3. BOOK REPORTS "The Art of Fiction" by John Gardner 1. How did the book help you as a writer? What overall aspects of it taught you something? It reinforced for me some vital components that must permeate the book throughout. For example, the story development must continuously cast forwards, drawing the reader from paragraph to paragraph, from scene to scene. Any let up and the reader can stop caring where the story will go next, at which point the writer has failed, and the reader stops reading. This was particularly important for me to get in my head in the early scenes when I move from place to place, character to character. I had initially focused on backward looking exposition, but realized that this must take a back seat to forward looking hooks, otherwise the reader will cease to want to know where the book is going. 2. What two or three major lessons did you learn from the book that you can apply to your writing and/or your novel? I fixed on the idea that I must induce the reader into a dream and never let him go. As part of my editing, I now keep in mind that anything that disturbs or disrupts the dream threatens the continued interest of the reader. While I had tried to avoid extraneous detail and the removal of adverbs that were there because of a lazy selection of verbs, I now make special note to create vivid detail when I need credibility. As Gardner says, this is the lifeblood of fiction. But I find at times it can be overused by some writers to substitute for depth of character and motivation. I particularly took on board the idea that perfect writing means hitting what you are aiming at and not touching anything you do not aim at. I think, while I am starting out, it is hard to know what to aim for and easier to just let the ideas flow. I am increasingly sitting back and thinking to myself, what am I trying to do here? What am I aiming at? 3. Was there anything in the books that obviously conflicted with lessons and readings in our novel writing program? If so, what are they? I think it is fair to say that I was spending too much time thinking about plot mechanics rather than my protagonist being the agent for their own decisions. In my first drafts, my characters were often a victim of the plot, and they only really came alive, with the proper motivations when I thought about their desires, fears and misbeliefs, and made them make the decisions based in most cases on those aspects of their character. "Writing the Breakout Novel" by Donald Maass 1. How did the book help you as a writer? What overall aspects of it taught you something? I think this book gave me the most confidence to be original. I really took to heart some fundamental ideas of plausibility, originality, and gut emotional appeal, to add to the ideas around conflict that I was learning in the course. I want to be an original writer and feel that the pressure to align yourself with other writers is cast out there as something that will make you commercial. I was going down that route, but I think the more I threw myself into the craft, originality has taken over and I feel I found in this book the mechanics of how to make that work. 2. What two or three major lessons did you learn from the book that you can apply to your writing and/or your novel? I think of the different books, this was one where I could put down way more than three lessons. But I note just three here: Characters must be unforgettable - “ The analysis of character made me realize the fundamentals of a strong character; making them realistic but larger than life; saying and doing things that we would not dare to do in our normal life; feeling things authentically without turning away. Changing the way the reader sees the world - “ This is very much the theme of my story. The further I progress in the story, the more I intend it to rattle, confront, and illuminate. Building high human worth - “ I had originally put in too much death at the beginning thinking it would add suspense and realism, but all it did was reduce the worth of the characters. Instead I have been building the worth of the protagonist, initially to those around her, but as her connection to the Antagonist is revealed, her worth to everyone involved will grow to a climax. 3. Was there anything in the books that obviously conflicted with lessons and readings in our novel writing program? If so, what are they? Not sure if this conflicted but it struck me as a fundamental that was not identified. It was the idea of using only characters you like. Possible I missed it somewhere in the coursework. It made me cut out a number of characters and the story is the better for it. "The Writing Life" by Annie Dillard 1. How did the book help you as a writer? What overall aspects of it taught you something? I don't feel this book helped me very much. I have my own way of writing, my own habits that work for me. I did pick up a few sage words of advice, three of what I noted below. 2. What two or three major lessons did you learn from the book that you can apply to your writing and/or your novel? It is the beginning of the work that the writer throws away. Often the best parts of the writing are discarded. I agreed with this. As I went through the course, I threw away practically all of my original work, in some cases multiple times, dispatching characters, sub-plots that at an early stage were central to the story. She notes that the writer should not write for the movie. Write for the person who wants to read a book, not for the person who would prefer to see it in a movie. She reiterates well the idea of hitting what you aim for but goes an insightful step further by noting the writer should aim for the chopping block, not the wood. 3. Was there anything in the books that obviously conflicted with lessons and readings in our novel writing program? If so, what are they? I think there was the least amount of overlap with the course, so relatively few areas which you could think there may be conflicts. I think for me, I gleaned some useful thoughts on the craft that added to what I was learning from the course and from other sources. "Write Away" by Elizabeth George 1. How did the book help you as a writer? What overall aspects of it taught you something? The book gave me a large number of smart insights into the craft I was already learning from the course work. It made me think harder about each step of the craft, what was most important to keep the reader's attention. In particular the three related points below, made me revisit my mindset to the use of my characters in driving suspense. 2. What two or three major lessons did you learn from the book that you can apply to your writing and/or your novel? While I was trying to get my characters to drive the plot rather than the other way around, it was particularly striking to hear Elizabeth note that these characters must be real people to the reader at the same time and the reality of their lives affect an event. This made me think more clearly about what I was trying to achieve with the agency of the main characters, that their actions and decisions should not just drive their own plot, but those of the other characters. On a related point, she noted that an event alone cannot hold a story together. Only characters effecting an event or event affecting characters can do that. If you create characters that are real to the reader, who evoke an emotional response within the reader, you create suspense because the reader will what to know that’s going to happen next once the status quo is shattered by the primary event. You must continually open up your story; creating scenes in which you lay down but not answer dramatic questions. If you do answer a dramatic question, you must have already laid down another. You do this by making partial disclosures instead of giving out all the information you possess. You create tension by making a promise to the reader at the beginning of the novel. When a story stalls out, the writer has played their hand too soon. Information should be played out with great care. If the writer gives something away too soon, the entire house of cards collapses. 3. Was there anything in the books that obviously conflicted with lessons and readings in our novel writing program? If so, what are they? I am again not sure if there was anything that directly conflicted with the course, but Elizabeth notes that characters are interesting in their misery, their unhappiness, their confusion, their conflict and she says you cannot bring a character to life in a book if they are not alive before you start writing. I spent a lot of time thinking about this and Stephen Kings book about how he starts with a situation and then puts a barely drawn character into that situation, and challenges them to find a way out of it. Out of this, I decided that at the heart of each main character should be motivation driven essentially by fear or desire, and decisions often driven by misunderstanding or misbelief. For my story, the protagonist needed start with misery and unhappiness but not be a victim. To be a positive agent of her own destiny she needed a backbone and a reason to put her fear aside and move forward based on some inner desire. In the hook, around the inciting incident, and for the first plot point, her misunderstanding about the world and what is going on motivates her to make decisions where she mentally is able to put her desire over her fear. Ultimately, though these decisions are made for the wrong reasons and with the wrong objectives. So while she may be confused, to an extent unhappy, her motivation comes from her positive desires, her hope, her inner strength, and not from being a victim. I don't think I got this from the course and Elizabeth's book did not give me this precisely, but I evolve this outlook in my mind because of both.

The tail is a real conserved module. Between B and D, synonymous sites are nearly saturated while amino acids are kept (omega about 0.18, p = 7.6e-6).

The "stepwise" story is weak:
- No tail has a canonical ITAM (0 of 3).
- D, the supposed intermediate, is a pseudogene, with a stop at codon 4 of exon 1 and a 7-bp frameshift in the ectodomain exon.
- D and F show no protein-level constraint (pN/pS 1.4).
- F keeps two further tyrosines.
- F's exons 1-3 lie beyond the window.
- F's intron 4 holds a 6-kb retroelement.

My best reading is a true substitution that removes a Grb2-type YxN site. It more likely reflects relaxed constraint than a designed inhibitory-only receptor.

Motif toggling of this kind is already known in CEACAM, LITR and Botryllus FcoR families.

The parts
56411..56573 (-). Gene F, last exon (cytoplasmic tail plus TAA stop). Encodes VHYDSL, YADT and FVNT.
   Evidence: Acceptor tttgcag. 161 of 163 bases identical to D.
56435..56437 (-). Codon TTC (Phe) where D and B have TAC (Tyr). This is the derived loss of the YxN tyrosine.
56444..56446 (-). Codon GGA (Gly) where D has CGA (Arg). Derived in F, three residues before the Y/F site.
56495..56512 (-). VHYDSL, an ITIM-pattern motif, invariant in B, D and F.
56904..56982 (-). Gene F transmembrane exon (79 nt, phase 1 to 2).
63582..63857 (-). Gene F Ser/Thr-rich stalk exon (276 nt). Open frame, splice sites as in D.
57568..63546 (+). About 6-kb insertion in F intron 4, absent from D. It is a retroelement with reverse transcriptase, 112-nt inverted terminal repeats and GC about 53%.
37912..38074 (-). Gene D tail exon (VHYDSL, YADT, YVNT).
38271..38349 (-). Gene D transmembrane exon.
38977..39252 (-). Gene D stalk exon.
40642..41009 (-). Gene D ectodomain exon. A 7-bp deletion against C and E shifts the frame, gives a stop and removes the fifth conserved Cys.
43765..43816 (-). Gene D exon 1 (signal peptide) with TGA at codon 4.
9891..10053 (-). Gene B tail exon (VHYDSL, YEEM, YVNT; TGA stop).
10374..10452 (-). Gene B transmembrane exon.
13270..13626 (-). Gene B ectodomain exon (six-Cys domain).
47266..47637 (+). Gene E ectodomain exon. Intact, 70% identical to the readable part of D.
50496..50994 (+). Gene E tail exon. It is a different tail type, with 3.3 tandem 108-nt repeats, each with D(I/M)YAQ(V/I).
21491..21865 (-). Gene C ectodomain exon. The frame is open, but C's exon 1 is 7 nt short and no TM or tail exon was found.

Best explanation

4. Algonkian Novel Writing and MS Revision Courses Pre-MFA, Post-MFA, or No MFA - Get Your Novel on a Realistic Path to Publication In Cooperation and Partnership With Algonkian Writer Conferences and the New York Pitch Why is This Novel Writing Program Unique? A number of significant things, as follows: Our "model-and-context" and "cross-module method" approach to studying and applying proper technique on all vital levels while your novel is being effectively developed and edited at the same time. Our detailed 16 module syllabus that exhaustively covers all the major novel elements as well as the authors studied or referenced. The array of fiction works studied and referenced in the program modules. The books and analytical fiction articles studied in the program. Our layer by layer approach to teaching you how to write multi-angled and unpredictable cinematic narrative, taking show-don't-tell to its ultimate expression. Our program faculty which consists of seasoned NYC professionals who have not only sold and developed major commercial projects, but who are also fiction writers themselves with publication records; and as a bonus, the faculty are literary agents actively looking for new projects for both film and book purposes. Keep in mind, it is always in our very best interest to get you an agent or book contract, since this is great publicity for our program. The fact that advice and critique on all levels derives exclusively from faculty professionals. In our opinion, this approach is crucial. If you wish to learn how to build your own house, and then actually do so, or invest your money wisely and then actually invest it, you know better than to seek advice from inexperienced non-professionals. Why? Because the issues are important and the stakes are high. Why should they be less high when you are writing a break out novel with the goal of becoming a career author? How Much Hand Holding is Necessary? From experience, the designers of this program knew that every writer entering it would most likely require serious ms rewrites as well as instruction in advanced narrative and structural technique, and therefore, be insufficiently close to a publishable manuscript. The aim and method of the program is to get you as close as possible via the modules, and once done, a faculty consultant assumes control from that point in order to provide professional editorial input and hands-on query guidance. NOTE: if you are participating in this program as an Algonkian alum you do not have to register a payment for it, however, to gain the benefit of indefinite and private editorial consults, an arrangement for compensation must be made with the professional developmental editor on staff--whatever both parties agree is appropriate and necessary. Having noted this, however, faculty will review final sell sheets prior to query, and for all writers regardless. Feel free to contact us on this issue. Once you are in the editorial consult and agent query phase, your communications with a faculty member are not limited to a set number of emails or phone calls, but are indefinite in consideration of the fact that varying projects and writers require varying amounts of time to come to successful completion. Does Every Writer Have the Potential to Succeed? Nearly everyone has the potential to write a breakout novel and go on to become a successful commercial author, but precious few finally accomplish the task. Why is this the rule? Writer conferences, author workshops, books, ms editors, and even the most pointless of MFA programs play a part in a writer's evolution, but none of these provide the overall pragmatic means and method to finish the job (and quite often, not even to start it). If this were not the case, an imaginative and ambitious writer would only have to attend an MFA program at Iowa, for example, and become a published author in due course. But this rarely if ever happens, despite expenditures in the range of $30,000 to $80,000 (Iowa Grad Program for two full years). And aside from this lack of comprehensive and realistic training, many other factors come into play that hamper the aspiring commercial author, everything from prickly skin to incompetent writer groups to misunderstandings of market dynamics. Consider. Would you try to build a livable and quite stylish home on your own without an architect and a professional home builder simply because you had the ability to hammer a few boards together with nails? Of course not. You would acquire the expertise and skills before you began. And yet, new writers approach the creation of a thing equally or more complex, such as the writing of a competitive commercial novel, in the belief they can do so because they have a story idea, can type words on a page, and have read a few magazines about writing. They consult with other new writers as ignorant as themselves and proceed to build a house called a novel, but one that will not risk their lives because fortunately for them, it is all on paper. What Type of Aspiring Authors Should Apply? Serious, self-starting writers willing to conceive, write and craft their novel in the due course of completing this program, and who are willing to accept critical guidance from professionals in the business. We emphasize "serious" because this program is rigorous and challenging, and not like a college extension cyber-class or a typical online workshop. The more knowledge and skills you acquire, the more you apply, returning as necessary to edit until a review by a faculty editor takes place. Aspiring authors, regardless of manuscript stage, benefit from this approach and editorial mentorship. It's about starting with the first sentence and proceeding to the denouement. The program methodically addresses all structural, premise, and narrative aspects of your novel, and in a manner beneficial to making it more competitive while also evolving your writer skill set, no matter your level at the start of the program. How Does This Program Apply to All Genres? The art of good storytelling never changes. The courses and modules approach the art of writing commercial fiction in a manner that applies to upmarket/literary and all commercial genres. See the Six Act Two-Goal Novel page on "Novel Writing on Edge" to get an idea of what we're talking about. The courses accomplish three primary goals. They enable you to: Learn and practice advanced premise-plot and character technique. Learn and practice advanced narrative and prose style craft. Learn and apply said technique, narrative craft, and knowledge to your own work-in-progress. Come to a firm understanding of the role today's market plays in getting your novel published. Genres we work with include upmarket/literary, general fiction, SF adult and YA/MG, fantasy adult and YA/MG (as well as New Adult), urban fantasy, mysteries of all types, detective/true crime, suspense/thrillers, women's fiction both serious and light, as well as paranormal romance. What About Start Date, Time Involved? There is no arbitrary start date. You begin the first module and proceed through the next 15 modules once you've entered the program, or at such time you decide to begin. In theory, you might wish to review a few modules first, take some notes and consider before starting the first assignment. Once you have begun, you progress through the program, writing or rewriting your novel a step at a time at your own pace, returning to prior modules as needed and editing further based on new skills developed and knowledge gained. The amount of time it will take any particular writer to complete the entire novel writing program, receive professionals reviews, return to edit their work, and move on to the agent query process (or else to further project development), will depend entirely on each writer's background knowledge, skill set, and novel manuscript quality upon entering the program. Also, given the fact that most people work and have other lives, we estimate a minimum of 18 weeks to complete the program--though if it takes longer, so be it. Additionally, our writers can also take whatever breaks or hiatus they need, for whatever reason, and suffer no detrimental issues as a result. How Do I Graduate? Successful completion of Parts I and II. Application of work, editorial direction, and critical lessons learned to your novel-in-progress manuscript as evidenced by story development outlines, prose samples, and other criteria as deemed appropriate by program faculty. Completion of the self-coverage novel scorebox. Completion of all extra assignments and readings related to the program. Completion of faculty review and adoption of further edits as necessary. Joint approval of your publication plan going forward.